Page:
Feeling better this morning about the job thing.  I had a good talk with my supervisor yesterday and we got caught up on the things projects I've been working on.  It's a good situation, where I go and do my thing and he is very hands-off. He said there will be layoffs, and that I "should be OK".  As these things go, I'll have to assume some duties of people who get laid off, so it looks like learning something about mosquito morphology is in my future.  I haven't had to learn because there's always others around to ID the bugs that way and my thing is to get their story through their DNA.  But I'll look at them in the microscope, and learn the terminology. 

This means of course, that some people are going to lose their jobs, and I can't help but feel bad for them and a little guilty that I got to stay.  Having a couple of weeks of uncertainty and "what ifs" about the prospect of losing my job tweaked me out enough to know these folks are in for a jolt. 

The flowers above are two African Violets that have decided they really like the north-facing window and I've gotten a winter time flower fix from having them around. The one on the right languished in its pot, crowded with offshoots.  I took those out and replanted them in separate pots, and this one, with a little more legroom now, has gone bonkers. 

But back to the job thing.  I pitched my idea of taking a 30% pay cut in order to go back to school and this was met with, "well, I don't know how we'd do that, and either you're here to do the work, or I can find someone else".  Not in a bad way, but my boss wants a full time person to do the work, and I respect that.  However.  The prospect of doing this other thing, the instructional design thing, is still appealing and I'm wondering if I could still pull it off.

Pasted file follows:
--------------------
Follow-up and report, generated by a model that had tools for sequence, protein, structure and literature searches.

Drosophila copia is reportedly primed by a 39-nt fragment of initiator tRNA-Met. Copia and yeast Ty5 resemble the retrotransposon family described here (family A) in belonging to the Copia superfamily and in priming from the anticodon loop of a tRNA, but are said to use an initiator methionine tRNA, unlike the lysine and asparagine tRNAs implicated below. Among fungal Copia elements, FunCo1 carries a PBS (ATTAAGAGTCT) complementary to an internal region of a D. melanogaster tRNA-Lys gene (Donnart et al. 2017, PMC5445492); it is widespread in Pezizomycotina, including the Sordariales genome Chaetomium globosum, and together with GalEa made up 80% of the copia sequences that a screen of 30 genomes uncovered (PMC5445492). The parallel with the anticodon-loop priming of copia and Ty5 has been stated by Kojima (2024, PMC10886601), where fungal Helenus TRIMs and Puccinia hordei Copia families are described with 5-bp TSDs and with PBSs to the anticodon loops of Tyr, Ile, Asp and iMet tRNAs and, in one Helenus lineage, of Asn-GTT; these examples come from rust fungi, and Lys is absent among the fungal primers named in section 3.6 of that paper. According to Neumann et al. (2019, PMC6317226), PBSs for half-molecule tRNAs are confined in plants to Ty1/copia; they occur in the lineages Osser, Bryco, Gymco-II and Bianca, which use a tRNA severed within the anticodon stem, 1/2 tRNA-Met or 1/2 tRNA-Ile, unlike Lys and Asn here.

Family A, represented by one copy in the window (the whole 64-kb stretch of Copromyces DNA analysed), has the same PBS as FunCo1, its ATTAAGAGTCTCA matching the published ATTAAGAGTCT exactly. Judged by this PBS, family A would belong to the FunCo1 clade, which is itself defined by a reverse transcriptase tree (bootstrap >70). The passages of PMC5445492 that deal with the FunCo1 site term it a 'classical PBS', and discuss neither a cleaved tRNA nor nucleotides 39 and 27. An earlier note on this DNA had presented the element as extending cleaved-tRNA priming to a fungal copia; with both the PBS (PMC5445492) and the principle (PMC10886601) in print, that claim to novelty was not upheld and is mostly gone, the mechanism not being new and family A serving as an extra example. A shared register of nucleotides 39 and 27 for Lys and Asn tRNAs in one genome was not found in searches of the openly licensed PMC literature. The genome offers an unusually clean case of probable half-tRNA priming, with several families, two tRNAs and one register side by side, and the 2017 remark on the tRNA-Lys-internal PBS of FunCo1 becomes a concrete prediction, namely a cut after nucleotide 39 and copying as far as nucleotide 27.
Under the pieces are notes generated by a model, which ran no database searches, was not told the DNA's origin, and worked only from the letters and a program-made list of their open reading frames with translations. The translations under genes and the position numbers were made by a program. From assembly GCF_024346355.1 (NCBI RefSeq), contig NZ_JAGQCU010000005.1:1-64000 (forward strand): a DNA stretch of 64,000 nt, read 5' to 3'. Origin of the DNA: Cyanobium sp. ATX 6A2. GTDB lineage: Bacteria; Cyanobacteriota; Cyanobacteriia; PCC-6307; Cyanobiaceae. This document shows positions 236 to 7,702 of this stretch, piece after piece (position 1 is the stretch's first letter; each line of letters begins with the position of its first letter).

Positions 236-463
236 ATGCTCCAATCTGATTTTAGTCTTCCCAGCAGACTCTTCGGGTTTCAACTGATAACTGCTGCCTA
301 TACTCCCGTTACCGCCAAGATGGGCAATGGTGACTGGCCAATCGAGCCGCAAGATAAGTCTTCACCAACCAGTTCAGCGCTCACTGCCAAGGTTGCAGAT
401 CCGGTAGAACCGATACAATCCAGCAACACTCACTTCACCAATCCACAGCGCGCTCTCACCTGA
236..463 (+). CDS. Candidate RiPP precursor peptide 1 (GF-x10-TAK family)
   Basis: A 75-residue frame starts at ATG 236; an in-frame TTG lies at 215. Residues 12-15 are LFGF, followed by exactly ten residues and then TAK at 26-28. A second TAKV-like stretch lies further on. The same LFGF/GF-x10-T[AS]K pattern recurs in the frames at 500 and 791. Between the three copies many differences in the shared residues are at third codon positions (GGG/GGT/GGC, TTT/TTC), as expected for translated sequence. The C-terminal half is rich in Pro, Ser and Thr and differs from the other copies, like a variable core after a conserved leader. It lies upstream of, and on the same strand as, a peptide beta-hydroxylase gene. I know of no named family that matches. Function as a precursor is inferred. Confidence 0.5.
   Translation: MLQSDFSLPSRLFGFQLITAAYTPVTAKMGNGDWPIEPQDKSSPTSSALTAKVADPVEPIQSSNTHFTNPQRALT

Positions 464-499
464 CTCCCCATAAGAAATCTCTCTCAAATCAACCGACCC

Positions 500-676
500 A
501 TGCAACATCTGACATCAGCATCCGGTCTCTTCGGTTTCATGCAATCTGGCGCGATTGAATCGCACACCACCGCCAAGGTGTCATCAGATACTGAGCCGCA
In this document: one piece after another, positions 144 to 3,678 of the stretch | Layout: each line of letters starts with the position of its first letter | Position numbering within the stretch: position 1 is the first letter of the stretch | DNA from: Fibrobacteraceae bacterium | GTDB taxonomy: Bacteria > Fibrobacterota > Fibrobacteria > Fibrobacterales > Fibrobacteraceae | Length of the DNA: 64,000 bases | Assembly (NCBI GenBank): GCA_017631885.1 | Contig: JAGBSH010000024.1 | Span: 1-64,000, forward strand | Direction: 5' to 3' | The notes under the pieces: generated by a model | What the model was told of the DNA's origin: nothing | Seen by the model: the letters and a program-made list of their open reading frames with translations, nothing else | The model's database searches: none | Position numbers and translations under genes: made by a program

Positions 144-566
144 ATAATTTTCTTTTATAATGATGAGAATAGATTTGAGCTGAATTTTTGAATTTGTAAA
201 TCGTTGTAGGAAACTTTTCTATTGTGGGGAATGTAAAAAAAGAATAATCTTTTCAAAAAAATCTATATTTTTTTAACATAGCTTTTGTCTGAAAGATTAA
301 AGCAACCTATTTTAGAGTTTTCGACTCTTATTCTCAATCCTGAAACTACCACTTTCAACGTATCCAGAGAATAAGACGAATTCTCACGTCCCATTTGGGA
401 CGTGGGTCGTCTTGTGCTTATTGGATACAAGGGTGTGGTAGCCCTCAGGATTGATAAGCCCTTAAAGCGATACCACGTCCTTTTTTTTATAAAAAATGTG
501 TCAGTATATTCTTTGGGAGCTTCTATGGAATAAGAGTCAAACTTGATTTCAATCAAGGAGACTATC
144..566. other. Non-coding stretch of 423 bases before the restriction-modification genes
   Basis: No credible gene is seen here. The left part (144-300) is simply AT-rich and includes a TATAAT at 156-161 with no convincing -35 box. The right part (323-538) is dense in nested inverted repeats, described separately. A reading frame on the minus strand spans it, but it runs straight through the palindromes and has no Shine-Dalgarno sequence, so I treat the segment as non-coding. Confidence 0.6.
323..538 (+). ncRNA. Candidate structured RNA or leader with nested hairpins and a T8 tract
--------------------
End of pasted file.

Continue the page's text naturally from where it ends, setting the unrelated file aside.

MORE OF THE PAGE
Hence the title of this post. Next year will likely find me in the same position, wondering if I'll be renewed.  There's also no room for advancement in my job. Even if I became and FTE, I'd still be a tech.  Most of me is OK with that, seeing that if affords me to do what I want in my off time.  But there's a nagging bit of me that wants to know how I can be satisfied with just doing that.  I could take these online courses on my own time and get the certificate while I'm working full time. I imagine most, if not all of the people doing the certificate are simultaneously working, so it's possible. I'm daunted by the fact that it's a 6 credit course per semester, which by my recollection is a full load by graduate school standards. So, I'm ruminating on this still and relieved that it looks like my job looks like it is safe for another year.